Édouard Victoire Antoine Lalo (January 27th, 1823, April 29th, 1892) was a French composer during the romantic era, accredited with various noble and heroic works.

Lalo was born in Lille in Northern France. There he attended the city’s Conservatoire when he was young. When he was 16, he attended the prestigious Conservatoire de Paris, under François Antoine Habeneck.

For many years, he played string instruments and worked as a teacher in Paris. But it was in the founding of the Armingaud quartet in 1848, wherein he first played the viola and later the second violin, where his earliest works were crafted.

Lalo married Julie Besnier de Maligny, a contralto from Brittany, in 1865. It was her operatic affinity that inspired him to compose Opera for the stage. Unfortunately, the works were dismally unpopular despite their originality and were allegedly considered too progressive and Wagnerian for their time. Consequently, Lalo dedicated most of his career to composing chamber music and works of Orchestra.

Though Lalo never received much critical acclaim, his distinctive style enabled him to gain some degree of recognition, especially amongst violinists.

Lalo’s penchant for strong melodies and powerful orchestration earnt him the honor of his name being used colloquially as an idiom to describe the presence of these characteristics in a piece. In music, a colorful piece is sometimes simply called ‘Lalo’. Scherzo in D minor is one such piece that earned him the idiom.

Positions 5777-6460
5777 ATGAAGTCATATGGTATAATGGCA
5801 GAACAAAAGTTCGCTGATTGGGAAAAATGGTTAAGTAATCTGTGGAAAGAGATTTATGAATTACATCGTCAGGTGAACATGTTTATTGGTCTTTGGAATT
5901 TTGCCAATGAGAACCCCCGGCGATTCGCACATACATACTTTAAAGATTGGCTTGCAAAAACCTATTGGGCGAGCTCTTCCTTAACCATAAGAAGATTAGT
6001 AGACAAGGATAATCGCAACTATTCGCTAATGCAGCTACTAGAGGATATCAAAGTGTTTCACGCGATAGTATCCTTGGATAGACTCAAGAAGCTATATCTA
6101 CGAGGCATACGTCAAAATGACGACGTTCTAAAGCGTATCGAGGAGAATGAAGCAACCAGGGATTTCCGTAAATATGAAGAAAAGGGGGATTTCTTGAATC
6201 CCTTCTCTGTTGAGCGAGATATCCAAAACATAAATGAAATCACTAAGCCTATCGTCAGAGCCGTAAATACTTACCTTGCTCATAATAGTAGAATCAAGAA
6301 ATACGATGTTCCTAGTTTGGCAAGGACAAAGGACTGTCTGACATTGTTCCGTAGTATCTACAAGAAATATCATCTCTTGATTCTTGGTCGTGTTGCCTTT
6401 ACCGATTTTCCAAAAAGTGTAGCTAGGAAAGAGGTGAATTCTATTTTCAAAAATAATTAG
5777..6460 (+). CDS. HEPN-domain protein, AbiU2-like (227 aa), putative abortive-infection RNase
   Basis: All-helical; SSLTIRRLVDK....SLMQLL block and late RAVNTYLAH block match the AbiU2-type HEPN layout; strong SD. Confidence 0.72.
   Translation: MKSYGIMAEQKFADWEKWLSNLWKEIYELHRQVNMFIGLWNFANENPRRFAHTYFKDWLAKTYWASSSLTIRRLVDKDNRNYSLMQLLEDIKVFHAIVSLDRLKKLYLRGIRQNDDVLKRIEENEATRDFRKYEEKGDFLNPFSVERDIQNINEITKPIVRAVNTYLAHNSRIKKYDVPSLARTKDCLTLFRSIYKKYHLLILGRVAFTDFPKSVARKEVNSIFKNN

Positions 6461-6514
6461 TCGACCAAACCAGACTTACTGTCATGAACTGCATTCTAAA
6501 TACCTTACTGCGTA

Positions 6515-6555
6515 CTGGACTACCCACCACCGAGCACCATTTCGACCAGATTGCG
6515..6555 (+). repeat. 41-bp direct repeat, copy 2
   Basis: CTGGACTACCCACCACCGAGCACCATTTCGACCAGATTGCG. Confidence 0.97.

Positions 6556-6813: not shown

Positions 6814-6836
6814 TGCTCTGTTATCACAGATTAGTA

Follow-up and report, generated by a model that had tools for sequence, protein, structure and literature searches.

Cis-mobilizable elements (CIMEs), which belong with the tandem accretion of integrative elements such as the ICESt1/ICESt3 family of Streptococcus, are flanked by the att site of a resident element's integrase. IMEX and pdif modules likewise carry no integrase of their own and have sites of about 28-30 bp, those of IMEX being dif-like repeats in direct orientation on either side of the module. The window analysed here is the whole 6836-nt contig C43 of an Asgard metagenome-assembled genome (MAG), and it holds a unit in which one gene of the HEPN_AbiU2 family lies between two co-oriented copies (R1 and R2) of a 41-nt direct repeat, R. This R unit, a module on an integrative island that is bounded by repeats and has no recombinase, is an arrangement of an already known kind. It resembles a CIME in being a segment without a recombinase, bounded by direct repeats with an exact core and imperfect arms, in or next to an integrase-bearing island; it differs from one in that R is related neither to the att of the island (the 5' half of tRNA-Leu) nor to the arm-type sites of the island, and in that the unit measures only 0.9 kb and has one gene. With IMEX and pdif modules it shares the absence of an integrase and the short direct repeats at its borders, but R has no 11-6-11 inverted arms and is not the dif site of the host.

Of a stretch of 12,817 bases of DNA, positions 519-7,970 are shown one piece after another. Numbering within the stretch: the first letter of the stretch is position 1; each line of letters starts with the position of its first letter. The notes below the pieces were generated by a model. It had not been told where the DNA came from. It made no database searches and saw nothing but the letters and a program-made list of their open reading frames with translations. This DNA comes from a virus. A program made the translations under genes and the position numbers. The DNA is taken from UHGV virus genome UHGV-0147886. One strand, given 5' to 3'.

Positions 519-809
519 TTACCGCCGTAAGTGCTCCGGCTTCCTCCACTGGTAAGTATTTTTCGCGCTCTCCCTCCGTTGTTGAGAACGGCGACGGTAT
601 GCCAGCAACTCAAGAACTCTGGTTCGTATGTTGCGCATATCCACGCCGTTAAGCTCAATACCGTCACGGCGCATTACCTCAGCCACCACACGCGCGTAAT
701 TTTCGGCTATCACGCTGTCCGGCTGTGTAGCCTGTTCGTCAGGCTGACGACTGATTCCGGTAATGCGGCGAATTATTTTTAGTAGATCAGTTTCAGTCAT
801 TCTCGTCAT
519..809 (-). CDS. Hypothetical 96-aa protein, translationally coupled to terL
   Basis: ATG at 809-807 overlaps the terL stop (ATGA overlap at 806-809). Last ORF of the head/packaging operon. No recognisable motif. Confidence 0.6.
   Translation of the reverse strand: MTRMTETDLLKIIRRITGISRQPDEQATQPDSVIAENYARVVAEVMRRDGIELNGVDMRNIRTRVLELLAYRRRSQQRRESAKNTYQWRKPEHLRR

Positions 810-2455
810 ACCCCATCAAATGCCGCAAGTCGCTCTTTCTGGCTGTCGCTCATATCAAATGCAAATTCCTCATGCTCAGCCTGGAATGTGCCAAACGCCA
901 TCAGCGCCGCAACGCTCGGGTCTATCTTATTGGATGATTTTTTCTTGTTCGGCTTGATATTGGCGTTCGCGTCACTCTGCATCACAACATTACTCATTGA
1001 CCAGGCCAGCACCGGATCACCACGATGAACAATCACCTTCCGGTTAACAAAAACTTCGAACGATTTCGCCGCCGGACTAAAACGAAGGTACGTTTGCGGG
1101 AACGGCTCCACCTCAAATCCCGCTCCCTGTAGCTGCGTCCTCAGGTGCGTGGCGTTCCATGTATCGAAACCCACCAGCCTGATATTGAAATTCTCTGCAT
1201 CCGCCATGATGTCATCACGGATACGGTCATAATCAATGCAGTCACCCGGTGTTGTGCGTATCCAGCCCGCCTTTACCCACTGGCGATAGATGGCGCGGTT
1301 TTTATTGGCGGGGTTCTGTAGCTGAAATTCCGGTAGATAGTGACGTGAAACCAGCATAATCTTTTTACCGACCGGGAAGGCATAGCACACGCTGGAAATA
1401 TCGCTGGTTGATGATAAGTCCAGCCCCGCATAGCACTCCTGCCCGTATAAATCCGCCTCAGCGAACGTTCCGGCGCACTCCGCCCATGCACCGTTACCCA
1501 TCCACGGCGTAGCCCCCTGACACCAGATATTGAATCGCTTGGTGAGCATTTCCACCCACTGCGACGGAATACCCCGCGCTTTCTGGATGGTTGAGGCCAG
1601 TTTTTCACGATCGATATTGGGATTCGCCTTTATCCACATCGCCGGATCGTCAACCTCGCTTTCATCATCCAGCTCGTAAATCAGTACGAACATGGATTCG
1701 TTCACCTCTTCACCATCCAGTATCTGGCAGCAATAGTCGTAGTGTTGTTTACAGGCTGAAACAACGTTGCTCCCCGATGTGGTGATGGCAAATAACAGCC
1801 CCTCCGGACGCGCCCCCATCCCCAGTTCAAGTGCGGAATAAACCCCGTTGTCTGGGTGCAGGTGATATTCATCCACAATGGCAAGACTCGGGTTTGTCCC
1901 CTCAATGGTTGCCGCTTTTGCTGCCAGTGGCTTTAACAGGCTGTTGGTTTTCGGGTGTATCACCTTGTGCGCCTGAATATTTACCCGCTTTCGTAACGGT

A portrait of Édouard Lalo (Photo: Wikipedia)

Recognition and Legion of Honor

Not until Lalo was 40 years old was he recognized as a notable composer. Le roi d’Ys; an opera based on the Breton legend of Y’s, gained acclaim for its complexity and is undoubtedly Lalo’s most complicated and ambitious work. It was feared unperformable and so was never staged until 1888, when Lalo was 65 years old.

He became a member of Legion of Honor just 8 years previously in 1880. He passed away in Paris in 1892, and was interred at Père Lachaise Cemetery, leaving behind many unfinished works.

Lalo has since gained later recognition. In 1962, composer Maurice Jarre used the theme from Lalo’s Piano Concert for the score of the movie Lawrence of Arabia. More incredibly still, in the American TV series ‘Star Trek: The next generation’ there is mention of a ‘U.S.S Lalo’ in two separate episodes. Perhaps a modern nod to the underappreciated French composer.

The work of a genius

For any composer to earn the title ‘genius’ there are a number of elements usually present within the work. Amongst many others, these elements include emotive strength, dramatic juxtaposition, attraction, spatial expansion, magnanimity, romance, and noble love.

Édouard’s music is undoubtedly no exception. It is sophisticated, compassionate, full of love and finally recognized as the work of a true genius.

We hope that you enjoy Édouard Lalo’s music in the Rhapsodie norvégienne.

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